‘Gentleman of the planning committee, this place was never intended as a place of historical importance. It was built so we could worship the sun, slaughter a few goats and dress up in our fancy druids capes. I can think of nothing more fitting than a KFC Stonehenge’


John Hoggarth
14 Posted 23/02/2021 at 19:52:10
# Graham 13, I guess his role today was to contribute to the Council planning meeting but in doing so he made the point very well that there has to be a balance between preserving a derelict site with no public access against a regeneration opportunity that opens up the waterfront. I’d hope that would be of interest to Mr Jenrick and any Planning Inspector. The councillor was by no means the first to make the point but, in the context of the planning meeting, it carries weight and was very timely.
Graham Mockford
15 Posted 23/02/2021 at 19:53:41
Taking my tongue out of my cheek.

World Heritage sites are provided with the highest level of national protection by Planning Policy Statement 5. Planning for the Historic Environment, which requires that development that would result in substantial harm to world heritage sites or their setting should be wholly exceptional and only be permitted where substantial public benefit outweighs the harm to the site

The argument solely rests on is there substantial harm, is there substantial public benefit and does one outweigh the other. I’m still confident it will happen but I’m pretty convinced it will get called in.

Graham Mockford
16 Posted 23/02/2021 at 19:56:32

I Completely get that, the point I was making is that the origins of the site are of little weight as to its status as a heritage site from a planning perspective.

Brent Stephens
17 Posted 23/02/2021 at 20:00:42
Graham “only be permitted where substantial public benefit outweighs the harm to the site”.

No coincidence then I guess that the chair of the committee and the Planning Officer among others used almost that exact phraseology of the public benefits outweighing the harm to the site.

Graham Mockford
18 Posted 23/02/2021 at 20:06:26
Of course Brent. These matters are decided based on legal principles. The statement made by the LPA will have been drafted by the lawyers.

I’m sure they know they still have a big hurdle ahead. I’m really not trying to piss on anyone’s chips but World Heritage Sites are a big deal. That’s why I suspect it will get called in.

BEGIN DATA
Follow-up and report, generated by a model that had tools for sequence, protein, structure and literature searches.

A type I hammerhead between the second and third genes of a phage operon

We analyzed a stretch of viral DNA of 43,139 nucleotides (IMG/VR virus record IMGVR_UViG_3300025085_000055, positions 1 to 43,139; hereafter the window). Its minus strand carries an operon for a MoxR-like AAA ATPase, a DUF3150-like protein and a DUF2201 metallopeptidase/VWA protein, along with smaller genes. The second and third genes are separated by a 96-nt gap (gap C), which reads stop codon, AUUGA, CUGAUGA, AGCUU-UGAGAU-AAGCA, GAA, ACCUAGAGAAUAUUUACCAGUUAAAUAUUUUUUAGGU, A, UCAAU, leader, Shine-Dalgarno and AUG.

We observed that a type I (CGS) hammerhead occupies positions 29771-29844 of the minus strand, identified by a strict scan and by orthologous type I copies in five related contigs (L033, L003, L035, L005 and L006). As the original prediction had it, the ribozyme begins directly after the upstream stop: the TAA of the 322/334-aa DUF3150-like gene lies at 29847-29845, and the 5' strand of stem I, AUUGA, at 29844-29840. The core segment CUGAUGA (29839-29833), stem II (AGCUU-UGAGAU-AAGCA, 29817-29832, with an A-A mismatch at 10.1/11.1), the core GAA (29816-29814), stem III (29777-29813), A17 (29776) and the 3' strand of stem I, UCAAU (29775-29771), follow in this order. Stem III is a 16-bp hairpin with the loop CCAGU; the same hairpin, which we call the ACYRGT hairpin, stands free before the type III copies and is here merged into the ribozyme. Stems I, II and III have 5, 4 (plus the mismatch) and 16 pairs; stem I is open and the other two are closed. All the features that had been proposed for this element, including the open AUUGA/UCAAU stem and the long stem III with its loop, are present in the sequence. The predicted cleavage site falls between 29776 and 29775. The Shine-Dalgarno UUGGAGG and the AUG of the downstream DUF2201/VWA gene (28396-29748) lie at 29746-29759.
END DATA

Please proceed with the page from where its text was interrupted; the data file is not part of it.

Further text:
Arthur Westhead
19 Posted 23/02/2021 at 20:19:38
Steve#8 Thanks for that link. What an interesting discussion. Holgate and Godfrey come accross really well, down to earth lads, with confidence.
One interesting (and surprising) comment was that Gylfi is the hardest working and best pro in training at the club!
Pete Williams
20 Posted 23/02/2021 at 22:12:03
Graham, PPS5 disappeared in 2012 to be replaced by the National Planning Policy Framework or NPPF. That says that allowing significant harm to a heritage asset with the highest status should be wholly exceptional.

It will depend whether the new stadium results in significant harm, which I don't think it does, and whether the benefits from the scheme outweigh the harm it causes.

After all, the dock isn't being destroyed, only covered up, and the accumulator tower is going to be restored. Plus, I think a historic 144-year-old organisation (EFC) deserves a historic home!

Graham Mockford
21 Posted 23/02/2021 at 22:19:31

You are of course correct but the substance is much the same. Harm vs benefit and I think there is definitely a strong case you make. It has after all cleared the initial hurdle today but these are objectors with fairly deep pockets.

Jenrick may well take the risk-averse route and let it run its course by calling it in. It certainly wouldn't surprise me because even if he doesn't it could still well end up in the Supreme Court I assume.

Pete Williams
22 Posted 23/02/2021 at 22:54:50
The courts will only intervene if some legal principle has been contravened. A matter of planning judgement that is based on policy and evidence is not a matter for the courts. Provided the decision letter is properly written, the courts will not intervene.

Political will is probably the most important thing here and I think the economic and community benefits will trump protecting an old dock. If it does go to an inquiry, though, I'm sure the club will employ the best planning brains it can find and they will be persuasive. As I said, reasons to be optimistic, whatever happens next!

Jerome Shields
23 Posted 24/02/2021 at 16:23:49
Thanks, Alasdair, for your thoughts on the process after the past meeting. It sounds more like what could happen, but I don't think that the government will want to stand in the way of a Docklands development, with Gove talking about 'Free Ports' and less red tape as part of the Brexit dividend.
Thomas Richards
24 Posted 24/02/2021 at 16:35:50
It's happening. No way will this be halted. Tories would be shooting themselves in the foot if they knocked it back.

After all the 'red wall, blue wall' spiel about levelling up between North and South, they won't refuse the biggest scheme since the policy was introduced.

Graham Mockford
25 Posted 24/02/2021 at 17:02:41

It quite clearly could be a matter for the courts if the objectors felt they had a case in law. A court would hear it on the basis of such policy and evidence. There are loads of examples of the Supreme Court hearing planning application reviews.

The expansion of Heathrow being a recent example.